I’m all for progress, and am willing to put up with the construction necessary to make the Haymarket Arena happen, but when you come across incompetence of this nature, it’s too good to keep to yourself.

A few weeks ago, the dumptruck convoy mounted up and began the process of removing the contaminated dirt from the old railyard site. I would estimate one every minute or two turns left onto S street in front of my restaurant on their way to who-knows-where with their soiled soil. Trucks we can deal with. Granted, they are a little noisy at times, but we are used to big vehicles coming in and out of the post office. All a part of urban landscape. I get it.

What I don’t get is this guy, a so called street sweeper. I don’t understand his role. He made several passes on Saturday, creating such a cloud of dust, you could not see the building across the street.
  Frustrated to the point of action, I walked out in the middle of the street and stopped Pig Pen from doing his “work.” I asked the driver if this is normal, and in his brilliance replied, “I don’t know, I didn’t build the rig.”

I could tell I had a winner on my hands, but foolishly continued to pound on the thick skull with more questions. Similar answers. The only progress made was creating a headache from beating my head against his too many times.

But his last statement to me was so befuddling, I just walked away in disbelief. His words were:

“We’re not supposed to worry about the dust. We’re just supposed to keep the dirt from the trucks off the road for the EPA”

Somewhere, small children are having this conversation:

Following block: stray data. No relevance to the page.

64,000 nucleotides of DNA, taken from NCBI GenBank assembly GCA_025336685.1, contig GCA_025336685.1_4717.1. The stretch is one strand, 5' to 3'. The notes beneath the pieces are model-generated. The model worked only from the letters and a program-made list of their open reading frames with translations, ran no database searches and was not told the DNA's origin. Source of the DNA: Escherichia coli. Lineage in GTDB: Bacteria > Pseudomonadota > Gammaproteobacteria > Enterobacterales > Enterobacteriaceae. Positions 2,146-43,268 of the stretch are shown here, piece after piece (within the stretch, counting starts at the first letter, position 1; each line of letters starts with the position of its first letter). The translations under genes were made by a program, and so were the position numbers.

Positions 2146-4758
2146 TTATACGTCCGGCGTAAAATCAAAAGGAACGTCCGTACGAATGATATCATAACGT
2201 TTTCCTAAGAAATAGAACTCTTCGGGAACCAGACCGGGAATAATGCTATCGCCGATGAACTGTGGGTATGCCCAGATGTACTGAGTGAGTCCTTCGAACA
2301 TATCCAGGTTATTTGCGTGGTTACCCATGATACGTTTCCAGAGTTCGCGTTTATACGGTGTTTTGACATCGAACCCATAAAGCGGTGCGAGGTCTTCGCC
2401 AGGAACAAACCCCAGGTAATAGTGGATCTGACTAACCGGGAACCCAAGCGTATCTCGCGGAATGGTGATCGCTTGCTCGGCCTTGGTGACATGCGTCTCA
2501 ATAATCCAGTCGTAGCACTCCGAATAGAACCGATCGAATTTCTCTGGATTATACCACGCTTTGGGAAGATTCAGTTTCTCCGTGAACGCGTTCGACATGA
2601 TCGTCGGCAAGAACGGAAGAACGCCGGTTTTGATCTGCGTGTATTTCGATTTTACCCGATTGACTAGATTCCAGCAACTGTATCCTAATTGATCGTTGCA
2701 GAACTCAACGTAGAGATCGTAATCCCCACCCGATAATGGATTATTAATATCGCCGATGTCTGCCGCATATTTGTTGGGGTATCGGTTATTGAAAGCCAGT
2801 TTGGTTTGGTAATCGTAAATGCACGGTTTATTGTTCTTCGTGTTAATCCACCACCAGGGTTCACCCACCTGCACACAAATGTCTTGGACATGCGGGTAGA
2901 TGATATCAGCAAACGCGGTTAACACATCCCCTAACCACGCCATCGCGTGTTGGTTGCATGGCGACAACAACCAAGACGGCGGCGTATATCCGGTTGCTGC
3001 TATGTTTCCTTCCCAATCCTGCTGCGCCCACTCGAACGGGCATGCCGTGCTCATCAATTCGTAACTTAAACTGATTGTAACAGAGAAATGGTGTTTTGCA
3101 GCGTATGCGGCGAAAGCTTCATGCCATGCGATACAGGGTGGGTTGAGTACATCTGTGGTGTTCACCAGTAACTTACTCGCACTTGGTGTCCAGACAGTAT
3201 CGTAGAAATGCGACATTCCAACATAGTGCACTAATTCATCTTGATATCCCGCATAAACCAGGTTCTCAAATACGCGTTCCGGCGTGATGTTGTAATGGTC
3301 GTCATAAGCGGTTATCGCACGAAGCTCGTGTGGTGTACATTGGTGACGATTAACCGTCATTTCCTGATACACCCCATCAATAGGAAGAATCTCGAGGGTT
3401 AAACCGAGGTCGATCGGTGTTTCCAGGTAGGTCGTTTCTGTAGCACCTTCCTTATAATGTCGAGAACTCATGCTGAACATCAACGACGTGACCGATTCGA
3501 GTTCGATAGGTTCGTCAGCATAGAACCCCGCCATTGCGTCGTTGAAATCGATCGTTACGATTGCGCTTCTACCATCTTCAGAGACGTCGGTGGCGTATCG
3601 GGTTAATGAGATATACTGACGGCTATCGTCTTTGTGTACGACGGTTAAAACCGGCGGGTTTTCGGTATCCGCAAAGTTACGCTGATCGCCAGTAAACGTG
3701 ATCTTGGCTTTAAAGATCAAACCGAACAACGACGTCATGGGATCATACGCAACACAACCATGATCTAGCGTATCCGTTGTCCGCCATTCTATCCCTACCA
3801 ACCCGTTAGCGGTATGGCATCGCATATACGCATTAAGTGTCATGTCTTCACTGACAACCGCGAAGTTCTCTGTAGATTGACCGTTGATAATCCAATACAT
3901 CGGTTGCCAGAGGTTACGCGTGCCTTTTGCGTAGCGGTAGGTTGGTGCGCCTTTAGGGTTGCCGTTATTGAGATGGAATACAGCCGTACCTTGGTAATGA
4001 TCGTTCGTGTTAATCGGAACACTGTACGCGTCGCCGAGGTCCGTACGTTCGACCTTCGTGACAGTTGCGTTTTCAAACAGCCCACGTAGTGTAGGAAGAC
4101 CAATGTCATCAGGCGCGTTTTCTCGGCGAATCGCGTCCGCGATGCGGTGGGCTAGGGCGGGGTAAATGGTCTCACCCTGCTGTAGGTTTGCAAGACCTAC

“What does your daddy do?”

“He’s a streetsweeper.  He drives around in a big truck and makes a huge mess where ever he goes.”
Now I’m no scientist, just a chef, but it would appear to me that the EPA is creating a new problem with its solution. Just keep the dirt, the contaminated dirt, from the trucks off the street, nevermind if you kick it up in the air. Its’ more important to keep in compliance than it is to see how compliance is not working. Its much easier to consult a policy than a person. That way PigPen can get off at five and go drink beer without interuption.

I feel sorry for this driver when he or she gets back to this mess.

Pig Pen reminded me that common sense easily takes a back seat to beaurocracy. I would hope that any driver, upon seeing smoke coming from the tires or the engine of his truck, would think to stop and take a gander at what might be going wrong and get it taken care of. If a streetsweeper creates more mess than it remedies, then shouldn’t someone stop and at least ask a simple question?

I don’t know where to begin my appeal, but on a Sunday morning, venting through the written word makes me feel a little better. Thanks to our faithful customers who are willing to put up with this inconvenience. I hope we can find a solution ASAP

The Peter Principle

4 thoughts on “The Peter Principle

  • July 10, 2011 at 3:54 pm
    Permalink

    Thanks for the advice. Will try to make contact there.

  • July 11, 2011 at 12:44 am
    Permalink

    I was there for lunch on Saturday and sat outside as befuddled as you were, Kevin. It won't keep me away from the restaurant, but it was disconcerting. I agree that a call to the Mayor's office is in order. I'm happy to support your request for reasonableness (as in the street being swept once an hour, twice a day . . . )if it needs to be swept.

  • July 11, 2011 at 7:37 pm
    Permalink

    This is not berating "any" individual. This streetsweeper business is clearly maddening. Did you see the pictures? It's a gorilla on some heavy machinery!

    No one with "fine" dining experience will complain about portion sizes at B&C. (That information goes out the window if you think jtk or Dish is fine dining…coz it ain't!)

  • July 11, 2011 at 8:30 pm
    Permalink

    The problem has been reported to both Dan Marvin and the City of Lincoln Public Works Department. If you have any questions, or need other contact info, please let us know at news@lincoln.ne.gov or use the City's ACTION Center.

Comments are closed.